“If we listened to our intellect we’d never have a love affair. We’d never have a friendship. We’d never go in business because we’d be cynical: “It’s gonna go wrong.” Or “She’s going to hurt me.” Or,”I’ve had a couple of bad love affairs, so therefore . . .” Well, that’s nonsense. You’re going to miss life. You’ve got to jump off the cliff all the time and build your wings on the way down.”

 
It was agreed that the story seemed logical however one criticism was the lack of fleshed out characters and the lack of class structure present. The authority was hidden from the reader yet no stratification of society is referenced in any meaningful
way. This struck group members as highly unlikely in a world otherwise so well defined.
 
People wanted to know what happened if anything actually caught fire, seeing as fire fighters were fire starters… one suggestion was that fires give need to purchase more consumer products ergo have an important function in this world driven by a desire for possessing material goods.
 
@LeedsBookClub opened up a challenging debate by asking what solutions could be offered to solve the predicament of Bradbury’s dystopia. A wide range of views were presented however it was concluded that it was extraordinarily problematic no matter
what path his society might choose. Perhaps this is an indication of just how good Bradbury is, that after over 50 years his society that voted to burn books and devolve their thinking to an unseen directorate, over 50 years later we’d still be totally boned 😉
 
So instrumental a dystopian work, we easily acknowledged 20th & 21st century works that had homages to Bradbury. Brooker’s Black Mirror series and Equilibrium were discussed however I failed to pay attention as I drifted off thinking wrong thoughts about Christian Bale…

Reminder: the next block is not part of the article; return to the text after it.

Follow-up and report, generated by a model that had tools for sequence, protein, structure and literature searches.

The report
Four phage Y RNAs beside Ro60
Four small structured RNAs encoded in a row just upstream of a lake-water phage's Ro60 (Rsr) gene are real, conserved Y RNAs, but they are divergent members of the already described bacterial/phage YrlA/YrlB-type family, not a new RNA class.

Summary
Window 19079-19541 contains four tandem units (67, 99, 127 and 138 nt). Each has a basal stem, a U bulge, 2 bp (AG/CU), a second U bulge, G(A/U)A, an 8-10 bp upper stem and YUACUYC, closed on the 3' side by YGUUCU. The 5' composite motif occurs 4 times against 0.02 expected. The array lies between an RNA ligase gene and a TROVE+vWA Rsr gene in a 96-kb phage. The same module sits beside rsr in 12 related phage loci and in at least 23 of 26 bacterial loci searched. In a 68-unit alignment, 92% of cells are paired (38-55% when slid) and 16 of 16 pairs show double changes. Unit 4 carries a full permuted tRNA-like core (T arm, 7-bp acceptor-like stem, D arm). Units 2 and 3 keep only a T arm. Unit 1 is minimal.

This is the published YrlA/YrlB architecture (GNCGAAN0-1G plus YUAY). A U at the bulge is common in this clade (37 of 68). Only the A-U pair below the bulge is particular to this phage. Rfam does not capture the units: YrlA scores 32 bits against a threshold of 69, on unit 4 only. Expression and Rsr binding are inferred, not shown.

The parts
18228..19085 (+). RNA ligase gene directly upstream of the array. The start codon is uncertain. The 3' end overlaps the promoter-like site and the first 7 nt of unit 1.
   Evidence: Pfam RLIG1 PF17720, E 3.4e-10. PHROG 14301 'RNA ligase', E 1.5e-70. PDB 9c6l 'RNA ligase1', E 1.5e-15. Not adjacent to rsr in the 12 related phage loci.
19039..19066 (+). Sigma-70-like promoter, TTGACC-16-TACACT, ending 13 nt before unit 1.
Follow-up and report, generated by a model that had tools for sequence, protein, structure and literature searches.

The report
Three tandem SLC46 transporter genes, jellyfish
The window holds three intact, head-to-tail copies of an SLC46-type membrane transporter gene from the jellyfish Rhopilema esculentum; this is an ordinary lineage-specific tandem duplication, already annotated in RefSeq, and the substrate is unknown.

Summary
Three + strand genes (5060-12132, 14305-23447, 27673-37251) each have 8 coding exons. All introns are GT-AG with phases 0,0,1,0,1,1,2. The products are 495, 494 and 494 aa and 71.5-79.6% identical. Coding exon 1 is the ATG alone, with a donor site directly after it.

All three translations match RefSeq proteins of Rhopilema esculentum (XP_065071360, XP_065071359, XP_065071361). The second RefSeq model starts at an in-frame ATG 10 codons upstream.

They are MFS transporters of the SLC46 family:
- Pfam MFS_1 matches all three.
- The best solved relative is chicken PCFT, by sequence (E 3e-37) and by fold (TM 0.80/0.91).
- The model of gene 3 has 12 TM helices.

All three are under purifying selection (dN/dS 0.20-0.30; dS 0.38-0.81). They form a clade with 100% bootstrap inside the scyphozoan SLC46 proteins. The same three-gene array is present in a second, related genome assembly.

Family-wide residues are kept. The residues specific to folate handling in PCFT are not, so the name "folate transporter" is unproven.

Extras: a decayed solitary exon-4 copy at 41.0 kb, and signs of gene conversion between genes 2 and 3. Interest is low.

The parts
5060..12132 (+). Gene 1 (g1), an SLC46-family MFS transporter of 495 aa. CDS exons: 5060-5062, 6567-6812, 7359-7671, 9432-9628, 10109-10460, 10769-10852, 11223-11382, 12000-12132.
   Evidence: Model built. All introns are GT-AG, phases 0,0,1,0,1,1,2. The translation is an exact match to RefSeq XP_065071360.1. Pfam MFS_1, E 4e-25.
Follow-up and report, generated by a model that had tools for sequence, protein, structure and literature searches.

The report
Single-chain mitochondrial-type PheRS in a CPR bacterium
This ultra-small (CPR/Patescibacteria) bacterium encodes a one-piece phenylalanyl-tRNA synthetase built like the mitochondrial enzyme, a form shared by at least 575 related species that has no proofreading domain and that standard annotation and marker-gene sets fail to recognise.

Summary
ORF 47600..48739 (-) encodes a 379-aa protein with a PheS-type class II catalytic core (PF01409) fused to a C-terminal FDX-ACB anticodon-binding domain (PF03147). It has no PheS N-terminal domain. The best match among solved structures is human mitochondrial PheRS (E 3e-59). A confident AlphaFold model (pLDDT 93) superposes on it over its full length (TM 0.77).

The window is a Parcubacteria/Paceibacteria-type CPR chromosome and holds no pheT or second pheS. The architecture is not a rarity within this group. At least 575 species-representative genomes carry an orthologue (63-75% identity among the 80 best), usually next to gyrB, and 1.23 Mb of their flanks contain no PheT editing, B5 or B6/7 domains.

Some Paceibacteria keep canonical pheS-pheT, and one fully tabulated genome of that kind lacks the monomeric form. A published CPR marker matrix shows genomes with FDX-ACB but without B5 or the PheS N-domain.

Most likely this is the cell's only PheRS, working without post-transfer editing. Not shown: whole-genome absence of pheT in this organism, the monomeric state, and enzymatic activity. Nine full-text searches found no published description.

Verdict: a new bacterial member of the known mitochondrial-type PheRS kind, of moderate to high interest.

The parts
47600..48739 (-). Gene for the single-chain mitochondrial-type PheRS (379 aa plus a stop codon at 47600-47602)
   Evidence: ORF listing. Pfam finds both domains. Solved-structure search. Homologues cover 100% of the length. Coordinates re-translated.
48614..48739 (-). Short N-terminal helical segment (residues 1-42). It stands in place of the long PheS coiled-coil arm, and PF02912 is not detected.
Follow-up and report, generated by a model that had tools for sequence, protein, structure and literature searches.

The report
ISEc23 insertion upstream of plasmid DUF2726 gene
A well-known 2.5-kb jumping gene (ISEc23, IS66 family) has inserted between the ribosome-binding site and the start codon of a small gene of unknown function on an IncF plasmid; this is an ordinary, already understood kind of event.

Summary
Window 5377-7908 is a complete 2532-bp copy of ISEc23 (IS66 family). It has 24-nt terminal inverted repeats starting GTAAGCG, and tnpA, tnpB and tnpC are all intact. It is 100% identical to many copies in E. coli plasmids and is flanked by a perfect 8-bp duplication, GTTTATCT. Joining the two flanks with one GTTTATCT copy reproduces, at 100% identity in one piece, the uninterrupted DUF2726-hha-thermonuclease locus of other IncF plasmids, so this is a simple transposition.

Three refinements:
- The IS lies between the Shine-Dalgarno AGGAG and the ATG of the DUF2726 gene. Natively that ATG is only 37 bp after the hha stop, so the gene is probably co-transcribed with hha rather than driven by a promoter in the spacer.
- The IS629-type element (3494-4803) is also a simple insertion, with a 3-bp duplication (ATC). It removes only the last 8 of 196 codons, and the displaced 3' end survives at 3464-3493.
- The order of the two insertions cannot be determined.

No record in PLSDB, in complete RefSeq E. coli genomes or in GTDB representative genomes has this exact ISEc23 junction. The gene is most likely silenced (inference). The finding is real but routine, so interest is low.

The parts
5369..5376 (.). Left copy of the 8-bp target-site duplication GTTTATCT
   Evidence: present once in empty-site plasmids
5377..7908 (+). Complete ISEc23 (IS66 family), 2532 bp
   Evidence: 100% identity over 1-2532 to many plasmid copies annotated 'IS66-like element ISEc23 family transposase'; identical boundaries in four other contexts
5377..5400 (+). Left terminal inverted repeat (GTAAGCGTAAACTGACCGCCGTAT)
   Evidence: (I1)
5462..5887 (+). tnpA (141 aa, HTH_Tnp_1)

@LeedsBookClub suggested we read Bradbury’s short stories as she felt they were more representative of his talent and that it is odd how this lengthy and possibly less well-crafted novel is what he is remembered for more.
 
The voting took place, with relatively high scoring all round yet a polarity between those who scored high for narrative technique/low for plot and vice versa.
 
Random quotes and facts 
– @LeedsBookClub cheats at board games – 100% FACT 
(LBC – Shamefully true. Haven’t played any in nearly 20 yrs as a result).
– “When discussing homoerotic allegory, you don’t ‘subtext’ without ‘buttsex’.”
– “Toasters are banned in Cuba”
– “I liked the mechanical dog” 
(*ahem* LBC Bookclubbers can guess which Dr Who fan came up with that one)
* * * * *
 
Thank you to everyone who attended, those who couldn’t make it but were there in spirit, and to Giraffe Bar.
Massive thanks to @LeedsBookClub for letting us cajole her into taking on another club group – masochist as she is.
 
Should you find this write up dry, or feel it unrepresentative of our meeting, please feel free to write up the next one. Lets face it, you could swallow 100 scrabble tiles and with the aid of strong emetics; regurgitate a better narrative,(LBC – I dispute that last bit!!) so go on, offer your delectable blogability to @LeedsBookClub.


Score:

7/10
 

Book The Next: 

THE RUNNING MAN
STEPHEN KING



Venue: Giraffe Bar and Grill

Date:  Tuesday 28th of August 2012
Time:  6pm – 8pm
Address: 6 Greek Street, Leeds, LS1 5RW
Tel: (0113) 244 1500


Find fellow members on twitter by searching for #LBCGiraffe

 

 

Follow @GiraffeTweet for details on the deliciousables and their projects nationwide (which this month include an awesome #GiraffesCantDance giveaway!).
 
Let me know your thoughts by either tweeting me @LeedsBookClub, commenting below or emailing me at leedsbookclub@gmail.com
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About Drneevil

Blogger, podcaster, reader, knitter. Founder of Leeds Book Club; host of Culturally Fixated; co-host of Conversations with Geek People; tech support for Leeds Browncoats.

Posted on August 2, 2012, in All Posts, Book Club, Books, Guest Reviewers, LBC Book Reviews, LBC Dystopia and tagged , . Bookmark the permalink. Leave a comment.